State senator and Democratic candidate for attorney general Jen Jordan joined three female political candidates in an over-the-phone press conference Tuesday morning hosted by Emerge America, a national political organization that prepares Democratic women to run for public office.

Vermont-based candidate for the U.S. House of Representatives Becca Balint, Oregon-based candidate for the U.S. Senate WInsvey Campos and Nevada General Assembly candidate Erica Mosca also participated in the discussion.

A’shanti Gholar, president of Emerge, said all four candidates previously trained under Emerge, and over 600 women from the program are up for election this year from every level of government. During the call, each candidate spoke briefly about their backgrounds, campaigns and key political issues on the ballots in their respective states. 
In her remarks, Jordan spoke about the record early voter turnout in Georgia, a count which has now surpassed 1.8 million as of Wednesday. She said women make up a significant percentage of these voters due to understanding the impact of voting on the wellbeing of women and their children across the state.

“I think it’s so important to understand that what we’re dealing with here on the ground in Georgia is not only a health issue, not only an equity issue, but really it’s an economic issue, as well,” Jordan said. “And I think Emerge really does bring women together to be able to talk about these issues and really try to message as much as possible in terms of the political implications of the law[s] in Georgia that Republican men pass.”

The conference also highlighted the role reproductive rights plays in politics this election season.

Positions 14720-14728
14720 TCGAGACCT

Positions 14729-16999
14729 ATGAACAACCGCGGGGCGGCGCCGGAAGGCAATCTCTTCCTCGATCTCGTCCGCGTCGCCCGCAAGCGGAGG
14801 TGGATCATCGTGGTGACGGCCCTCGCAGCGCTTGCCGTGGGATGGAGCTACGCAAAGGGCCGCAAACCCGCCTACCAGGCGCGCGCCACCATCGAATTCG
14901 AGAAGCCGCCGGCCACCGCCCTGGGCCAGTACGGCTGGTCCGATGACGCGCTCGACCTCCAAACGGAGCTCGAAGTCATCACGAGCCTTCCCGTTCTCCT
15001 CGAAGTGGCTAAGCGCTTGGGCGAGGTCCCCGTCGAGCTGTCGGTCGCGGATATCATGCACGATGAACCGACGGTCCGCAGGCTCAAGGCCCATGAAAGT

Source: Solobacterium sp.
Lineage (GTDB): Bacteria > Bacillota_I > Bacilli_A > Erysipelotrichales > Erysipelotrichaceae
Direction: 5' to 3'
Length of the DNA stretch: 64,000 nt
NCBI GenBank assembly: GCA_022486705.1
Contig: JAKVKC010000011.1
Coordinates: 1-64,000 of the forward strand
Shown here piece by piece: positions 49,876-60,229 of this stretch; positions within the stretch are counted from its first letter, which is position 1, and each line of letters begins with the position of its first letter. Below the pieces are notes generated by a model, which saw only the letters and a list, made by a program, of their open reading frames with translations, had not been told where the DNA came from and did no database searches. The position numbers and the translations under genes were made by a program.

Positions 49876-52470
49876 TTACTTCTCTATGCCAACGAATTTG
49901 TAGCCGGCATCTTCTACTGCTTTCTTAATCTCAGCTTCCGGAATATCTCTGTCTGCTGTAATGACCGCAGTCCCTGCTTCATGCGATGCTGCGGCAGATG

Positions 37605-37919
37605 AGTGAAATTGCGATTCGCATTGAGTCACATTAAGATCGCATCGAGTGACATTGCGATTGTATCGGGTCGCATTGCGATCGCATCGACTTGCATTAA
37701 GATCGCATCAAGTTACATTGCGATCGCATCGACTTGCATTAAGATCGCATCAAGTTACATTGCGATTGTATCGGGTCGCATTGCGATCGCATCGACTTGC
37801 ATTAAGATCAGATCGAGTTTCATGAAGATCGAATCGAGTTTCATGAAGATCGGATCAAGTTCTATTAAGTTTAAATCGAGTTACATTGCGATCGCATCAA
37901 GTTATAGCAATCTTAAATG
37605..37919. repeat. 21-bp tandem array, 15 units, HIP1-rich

Jordan said the reversal of Roe v. Wade calls attention to the importance of the attorney general’s role in state government, and that the responsibility of navigating women through the legal adjustment process falls on the attorney general’s shoulders. “I think it’s going to be really important to have an AG that is always kind of looking through the wind, protecting the people of the state and protecting their rights,” Jordan said.

She also emphasized the importance of electing women to political office at every level and credited Emerge for investing time and funding into female political candidates.
Emerge has prepared Democratic women for careers in government since 2002, partnering with political committees and nonprofit organizations to build early-career politicians’ campaigning, public speaking and leadership skills while also providing networking opportunities for participants before and after completing the program.

Gholar said over 600 candidates running for political office across the country this year are alumni of the Emerge training program, having completed the 70 hours worth of tutelage the program offers over the course of six months. The president also said female candidates are increasingly representing the Democratic party in elections, helping to resolve an issue that inspired Emerge’s launch in the first place: a disproportionate percentage of female representation in national politics. According to Emerge’s website, women consist of 31% of state legislators in the United States, and just over 8% of state legislators are women of color.

Gholar also said pressure from Republican lawmakers helped inspire women to take political action, both at the polls and on the campaign trail.
“From Me Too, to Black Lives Matter, from indigenous rights, to climate action, women leadership is on fire,” Gholar said. “And women leaders are delivering.”